Maritime crews rely on communications tools every day, and for a sector that is the life and soul of the global economy - 90% of all goods are transported by sea – it is imperative that investment in this area is cost effective. Costs can be reduced significantly if thinking is changed, with real alternatives available for those willing to invest in technology.
The maritime sector is worth US$350-400 billion and it boasts more than one million employees. That includes people working at sea, shipyard and dock workers, and equipment manufacturers. Initially, one might expect this sector to be among the first to adopt such ground-breaking technology like autonomous ships.
Yet, the majority of trials and tests related to unmanned vehicles are on drones and driverless cars, while progress with autonomous ships is comparatively slow. Automated systems and interaction with onboard sensors, GPS and satellite communication equipment are already available but why is the industry taking so long to buy into this concept of autonomous ships?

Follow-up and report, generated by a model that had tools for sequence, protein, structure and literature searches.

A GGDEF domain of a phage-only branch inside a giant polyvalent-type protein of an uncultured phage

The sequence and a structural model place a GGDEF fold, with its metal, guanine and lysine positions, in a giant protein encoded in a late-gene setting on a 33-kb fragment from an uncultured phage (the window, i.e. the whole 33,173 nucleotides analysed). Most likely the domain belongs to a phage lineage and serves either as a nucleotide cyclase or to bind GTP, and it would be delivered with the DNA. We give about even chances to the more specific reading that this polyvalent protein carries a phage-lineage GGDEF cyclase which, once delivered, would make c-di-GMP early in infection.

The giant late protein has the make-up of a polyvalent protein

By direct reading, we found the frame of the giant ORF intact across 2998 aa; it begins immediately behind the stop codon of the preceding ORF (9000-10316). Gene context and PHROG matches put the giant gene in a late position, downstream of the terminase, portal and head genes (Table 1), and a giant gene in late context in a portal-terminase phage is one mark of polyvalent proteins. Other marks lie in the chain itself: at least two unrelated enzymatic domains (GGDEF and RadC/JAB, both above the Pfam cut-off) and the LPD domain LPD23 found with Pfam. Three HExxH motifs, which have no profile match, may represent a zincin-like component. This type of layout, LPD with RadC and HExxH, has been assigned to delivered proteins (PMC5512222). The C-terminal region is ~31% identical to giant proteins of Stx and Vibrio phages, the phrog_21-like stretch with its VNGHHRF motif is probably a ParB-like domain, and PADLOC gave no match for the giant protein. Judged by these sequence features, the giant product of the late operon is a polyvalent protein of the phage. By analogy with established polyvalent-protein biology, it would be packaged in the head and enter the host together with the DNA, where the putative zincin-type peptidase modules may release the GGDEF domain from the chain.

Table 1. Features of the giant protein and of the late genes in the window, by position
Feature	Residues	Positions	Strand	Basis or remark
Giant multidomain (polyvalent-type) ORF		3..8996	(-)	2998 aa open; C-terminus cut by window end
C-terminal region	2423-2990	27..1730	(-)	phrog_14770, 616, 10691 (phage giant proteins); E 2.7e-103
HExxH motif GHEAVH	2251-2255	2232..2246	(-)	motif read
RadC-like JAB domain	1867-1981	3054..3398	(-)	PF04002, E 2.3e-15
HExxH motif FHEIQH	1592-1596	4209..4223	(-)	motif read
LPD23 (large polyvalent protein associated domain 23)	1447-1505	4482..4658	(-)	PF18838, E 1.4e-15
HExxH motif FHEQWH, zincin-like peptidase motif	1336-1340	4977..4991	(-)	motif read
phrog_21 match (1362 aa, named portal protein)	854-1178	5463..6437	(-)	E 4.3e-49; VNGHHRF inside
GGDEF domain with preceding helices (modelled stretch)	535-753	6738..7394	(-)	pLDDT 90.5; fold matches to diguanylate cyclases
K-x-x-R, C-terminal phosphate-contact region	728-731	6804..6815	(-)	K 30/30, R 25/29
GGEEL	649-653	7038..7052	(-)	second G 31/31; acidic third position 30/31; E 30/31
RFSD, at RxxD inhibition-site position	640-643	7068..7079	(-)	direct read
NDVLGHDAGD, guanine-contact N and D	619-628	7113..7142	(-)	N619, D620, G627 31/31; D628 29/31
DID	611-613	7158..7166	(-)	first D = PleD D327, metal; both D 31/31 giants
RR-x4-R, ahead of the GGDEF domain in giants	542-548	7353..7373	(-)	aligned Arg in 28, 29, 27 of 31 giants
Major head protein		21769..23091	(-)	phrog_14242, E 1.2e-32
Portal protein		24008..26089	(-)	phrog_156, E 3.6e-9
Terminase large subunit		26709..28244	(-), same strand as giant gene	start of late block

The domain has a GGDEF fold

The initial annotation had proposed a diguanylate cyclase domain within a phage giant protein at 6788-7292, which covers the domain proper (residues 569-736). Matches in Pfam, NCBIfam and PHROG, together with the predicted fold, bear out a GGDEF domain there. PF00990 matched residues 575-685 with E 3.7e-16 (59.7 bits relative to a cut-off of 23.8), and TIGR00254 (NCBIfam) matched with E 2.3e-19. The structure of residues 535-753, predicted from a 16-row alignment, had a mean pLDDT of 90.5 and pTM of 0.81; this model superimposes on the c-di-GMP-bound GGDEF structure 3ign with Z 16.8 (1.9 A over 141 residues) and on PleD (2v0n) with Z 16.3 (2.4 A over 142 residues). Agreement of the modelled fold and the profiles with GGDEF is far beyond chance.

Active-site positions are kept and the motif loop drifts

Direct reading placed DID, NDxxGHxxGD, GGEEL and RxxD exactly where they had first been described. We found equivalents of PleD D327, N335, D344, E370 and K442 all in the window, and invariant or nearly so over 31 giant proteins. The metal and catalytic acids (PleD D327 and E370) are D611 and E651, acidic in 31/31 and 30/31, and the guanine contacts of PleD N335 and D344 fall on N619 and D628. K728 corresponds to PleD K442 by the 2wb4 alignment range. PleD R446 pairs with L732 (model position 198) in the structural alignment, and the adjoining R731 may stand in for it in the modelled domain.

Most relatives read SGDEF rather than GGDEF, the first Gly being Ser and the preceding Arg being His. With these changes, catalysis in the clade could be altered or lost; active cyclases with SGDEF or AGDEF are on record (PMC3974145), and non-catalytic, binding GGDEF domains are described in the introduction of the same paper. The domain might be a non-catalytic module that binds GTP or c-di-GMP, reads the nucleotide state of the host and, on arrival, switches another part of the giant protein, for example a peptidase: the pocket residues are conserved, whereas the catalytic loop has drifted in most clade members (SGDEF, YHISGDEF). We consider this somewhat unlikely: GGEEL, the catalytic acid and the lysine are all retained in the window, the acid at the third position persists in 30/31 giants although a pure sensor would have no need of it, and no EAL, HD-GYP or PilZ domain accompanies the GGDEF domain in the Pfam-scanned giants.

Unmanned Airborne Vehicles (UAVs) operate in a 3D environment in which strict regulations must be observed and weather conditions need to be taken into account. Similarly, driverless cars operate in an environment dominated by humans going about their daily lives. Ships, however, operate in a predominantly 2D environment that is sparsely populated in comparison and could benefit the most from this unmanned concept. However, investments and advancements in technology for maritime appear way down the list of priorities for shipping companies.